The most important aspect of an airline ticket price for a frequent flyer is knowing the airline ticket ‘fare class’ or ‘booking code’ for your flights. Knowing the fare class letter for your flight segment is often vital for knowing how many frequent flyer miles you earn for your flight.
Problems finding Booking Class in Priceline Searches 2016
Some airline websites do not show fare class when you search and select a fare. You might have to enter all your passenger information before you can even check the fare rules to find the actual booking class for the economy ticket price shown.
This is even more of an issue with Online Travel Agency (OTA) sites like mega-OTA site Priceline and a multitude of small airline booking websites. You can’t access the fare rules to see the flight segment booking classes until after you have registered and filled out online passenger information forms. Priceline even wants your credit card before they show you fare rules and booking code for your ticket.
Screen images from Priceline.com and Expedia.com show the problem and solution.
Priceline ticket Air Berlin New York JFK – Berlin TXL
$670.26 Sat Sep 3 – Sat Sep 10
Hey Priceline, why won’t you show me the fare class?
I like the price, but what is the fare class? Air Berlin economy class H, K, M, L, V, S flight segments earn 100% flight miles in American Airlines AAdvantage.
But, Air Berlin N, Q, O, G, P, E, W flight segments earn 25% flight miles in American Airlines AAdvantage.
JFK-TXL-DUS-JFK = 8,009 miles and 8,009 redeemable AAdvantage miles if you fly economy class H, K, M, L, V, S flight segments.
But, Air Berlin N, Q, O, G, P, E, W flight segments earn only 2,002 redeemable miles.
How much do you value an extra 6,000 frequent flyer miles?
Priceline requires you to enter passenger information before you access any more details about this ticket’s fare class and rules.
Google’s ITA Matrix Airfare Search
At this point I would turn to ITA Matrix Airfare Search.
The fare shown on ITA Matrix airfare search was priced in $900s for Sep 3-10 with Air Berlin, however a similar low fare of $652 round trip for Sep 5-12 was found and booking class is W. Priceline ticket is likely W class too.
Priceline even wants my credit card information on Page 3 of my fare search and I still have no links to ticket rules or any indication of fare class for this ticket.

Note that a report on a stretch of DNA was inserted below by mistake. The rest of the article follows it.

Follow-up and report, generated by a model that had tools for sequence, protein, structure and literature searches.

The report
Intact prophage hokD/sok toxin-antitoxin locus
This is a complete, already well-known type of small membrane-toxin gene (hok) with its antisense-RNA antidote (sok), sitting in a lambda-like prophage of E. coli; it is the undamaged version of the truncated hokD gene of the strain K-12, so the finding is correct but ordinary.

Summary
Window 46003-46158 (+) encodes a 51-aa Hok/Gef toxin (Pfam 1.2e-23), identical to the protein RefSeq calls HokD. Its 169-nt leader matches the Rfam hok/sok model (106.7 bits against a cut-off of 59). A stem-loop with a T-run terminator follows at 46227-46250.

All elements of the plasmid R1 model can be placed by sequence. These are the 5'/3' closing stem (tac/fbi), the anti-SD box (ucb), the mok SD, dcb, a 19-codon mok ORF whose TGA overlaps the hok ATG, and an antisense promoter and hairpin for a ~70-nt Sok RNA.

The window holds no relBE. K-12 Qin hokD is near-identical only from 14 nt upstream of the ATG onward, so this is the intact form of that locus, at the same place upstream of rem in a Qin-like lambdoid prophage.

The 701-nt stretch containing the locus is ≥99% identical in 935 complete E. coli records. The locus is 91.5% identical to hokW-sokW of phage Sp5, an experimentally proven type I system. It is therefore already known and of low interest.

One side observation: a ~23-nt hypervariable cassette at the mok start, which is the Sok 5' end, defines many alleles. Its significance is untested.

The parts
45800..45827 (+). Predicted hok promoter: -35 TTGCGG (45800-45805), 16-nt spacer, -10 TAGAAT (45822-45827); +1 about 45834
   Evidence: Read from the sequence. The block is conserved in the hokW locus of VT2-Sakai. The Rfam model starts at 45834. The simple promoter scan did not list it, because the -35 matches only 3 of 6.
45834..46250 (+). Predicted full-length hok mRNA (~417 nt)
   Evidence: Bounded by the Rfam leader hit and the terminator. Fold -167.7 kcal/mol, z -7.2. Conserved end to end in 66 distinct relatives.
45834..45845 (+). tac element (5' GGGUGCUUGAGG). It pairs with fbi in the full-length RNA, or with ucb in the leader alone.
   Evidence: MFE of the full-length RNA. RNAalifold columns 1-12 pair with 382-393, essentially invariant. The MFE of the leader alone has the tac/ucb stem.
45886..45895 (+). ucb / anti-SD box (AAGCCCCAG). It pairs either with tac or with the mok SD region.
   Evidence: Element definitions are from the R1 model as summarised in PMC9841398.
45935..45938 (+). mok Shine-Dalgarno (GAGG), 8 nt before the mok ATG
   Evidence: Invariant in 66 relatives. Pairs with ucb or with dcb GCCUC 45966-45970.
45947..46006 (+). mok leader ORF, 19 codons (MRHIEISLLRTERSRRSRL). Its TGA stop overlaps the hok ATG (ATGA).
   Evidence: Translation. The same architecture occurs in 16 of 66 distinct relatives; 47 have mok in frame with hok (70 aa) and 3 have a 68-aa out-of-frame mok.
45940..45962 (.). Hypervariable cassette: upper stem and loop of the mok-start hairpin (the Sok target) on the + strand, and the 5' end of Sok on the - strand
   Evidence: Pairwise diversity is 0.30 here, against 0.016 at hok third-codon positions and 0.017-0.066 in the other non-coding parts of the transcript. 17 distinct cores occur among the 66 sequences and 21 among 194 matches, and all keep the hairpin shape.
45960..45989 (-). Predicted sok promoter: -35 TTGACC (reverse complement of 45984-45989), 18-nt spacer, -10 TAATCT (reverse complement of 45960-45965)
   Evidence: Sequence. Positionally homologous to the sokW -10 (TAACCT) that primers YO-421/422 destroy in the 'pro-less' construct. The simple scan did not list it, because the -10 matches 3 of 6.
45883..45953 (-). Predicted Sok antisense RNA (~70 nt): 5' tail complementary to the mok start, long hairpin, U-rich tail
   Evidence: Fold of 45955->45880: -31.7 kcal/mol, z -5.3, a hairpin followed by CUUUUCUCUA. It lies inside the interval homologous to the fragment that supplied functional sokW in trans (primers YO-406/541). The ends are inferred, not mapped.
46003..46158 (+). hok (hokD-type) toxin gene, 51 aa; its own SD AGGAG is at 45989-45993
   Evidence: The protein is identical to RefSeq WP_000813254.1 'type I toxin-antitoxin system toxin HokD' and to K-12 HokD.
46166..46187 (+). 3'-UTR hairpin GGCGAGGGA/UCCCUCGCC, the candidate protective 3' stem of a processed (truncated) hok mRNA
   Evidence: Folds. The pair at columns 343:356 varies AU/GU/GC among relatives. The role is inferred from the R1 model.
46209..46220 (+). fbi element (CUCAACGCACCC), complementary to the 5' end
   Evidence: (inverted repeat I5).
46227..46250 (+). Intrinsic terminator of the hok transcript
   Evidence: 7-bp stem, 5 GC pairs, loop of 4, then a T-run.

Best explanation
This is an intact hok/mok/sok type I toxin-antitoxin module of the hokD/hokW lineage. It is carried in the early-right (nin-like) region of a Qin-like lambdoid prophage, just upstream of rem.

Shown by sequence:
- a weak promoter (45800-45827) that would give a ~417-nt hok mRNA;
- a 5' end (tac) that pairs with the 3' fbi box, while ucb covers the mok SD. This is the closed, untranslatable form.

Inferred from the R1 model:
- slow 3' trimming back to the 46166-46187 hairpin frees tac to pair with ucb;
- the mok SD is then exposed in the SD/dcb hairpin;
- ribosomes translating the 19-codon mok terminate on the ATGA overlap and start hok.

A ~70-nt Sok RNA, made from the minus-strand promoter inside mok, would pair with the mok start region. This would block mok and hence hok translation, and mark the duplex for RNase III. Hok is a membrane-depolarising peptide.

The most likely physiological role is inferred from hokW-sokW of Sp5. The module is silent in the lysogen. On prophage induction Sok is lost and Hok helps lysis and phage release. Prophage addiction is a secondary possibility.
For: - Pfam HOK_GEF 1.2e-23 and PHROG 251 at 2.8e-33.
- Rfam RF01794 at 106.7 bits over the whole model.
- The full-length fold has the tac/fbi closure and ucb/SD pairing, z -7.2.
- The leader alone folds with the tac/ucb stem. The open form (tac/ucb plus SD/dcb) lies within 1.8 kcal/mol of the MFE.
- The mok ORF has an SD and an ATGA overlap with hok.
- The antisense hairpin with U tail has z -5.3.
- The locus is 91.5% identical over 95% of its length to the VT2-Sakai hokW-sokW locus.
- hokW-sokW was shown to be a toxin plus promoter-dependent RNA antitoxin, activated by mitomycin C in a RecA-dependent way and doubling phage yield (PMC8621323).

Expedia displays ticket information with fare codes
Expedia shows the fare code for Delta is Economy V in the flight details link seen in my initial fare search for New York to Paris CDG.
This is a good reason to use Expedia and their sites, Travelocity and Orbitz, rather than Priceline when making fare searches. Personally, I like Priceline’s ticket itinerary display the best of the major OTA, but now I realize there is a major consumer-unfriendly aspect to their ticket price displays for frequent flyers.
Why Fare Class is Important
One of the fare classes I commonly look for in 2016 is whether Alaska Airlines flights for a ticket I find in my airfare searches is Economy ‘R’ fare class. Changes in 2016 to American Airlines AAdvantage made Alaska economy R a fare class ineligible for miles earning in AAdvantage. American Airlines gave up their route from my home airport Monterey MRY to Los Angeles LAX for Alaska Airlines partner airline service during the past year. Many of the low fare tickets I see for Monterey to LAX are Alaska ‘R’ class and I need to know what fare class the ticket is in, so I can credit the flight to Alaska Mileage Plan when I buy an Alaska economy R fare class flight.
Learning the importance of fare class letters was an important lesson for me during the first time it really mattered. I made a rookie mistake on my first mileage run in 1999. Buying the wrong booking code for one round trip ticket cost me 100,000 miles. A promotion offered through different Oneworld Alliance members allowed a frequent flyer to earn 100,000 miles by completing five flight segments on five different Oneworld Alliance partners between June 1 and December 31, 1999. (I think those were the promotion dates). My wife and I flew Cathay Pacific Airlines Manchester MAN – AMS Amsterdam, Netherlands on $325 round trip tickets for a less than one hour flight. That ticket was more expensive than any of the other four tickets I purchased to fulfill the Oneworld Alliance 5th Anniversary 100,000 miles promotion.
I would have earned an extra 50,000 bonus miles with American Airlines in my account and my wife’s account if I had paid $425 for the Cathay Pacific ticket in a higher economy booking class eligible to earn AAdvantage miles. The Cathay Pacific fare code I purchased was not a miles earning fare in American AAdvantage. I paid much closer attention to booking class letters on my tickets after that mistake. Five different Oneworld Airline member flights earned 100,000 bonus miles in AAdvantage. Four member flights earned only 50,000 miles. We did get 100,000 miles in British Airways Executive Club since they counted the Cathay Pacific flight and overall we had a week in Europe flying British Airways, Cathay Pacific, Iberia and bmi on an LHR-MAN-AMS-BCN-AMS-MAN-LHR Christmas week vacation. We had spent Thanksgiving week flying American and Canadian Airlines to Vancouver YVR for our other Oneworld Airline flight segments. Five tickets for about $2,500 and we earned 300,000 miles with British Airways Executive Club and American Airlines AAdvantage.
Had you ever noticed Priceline has frequent flyer unfriendly airfare search pages?
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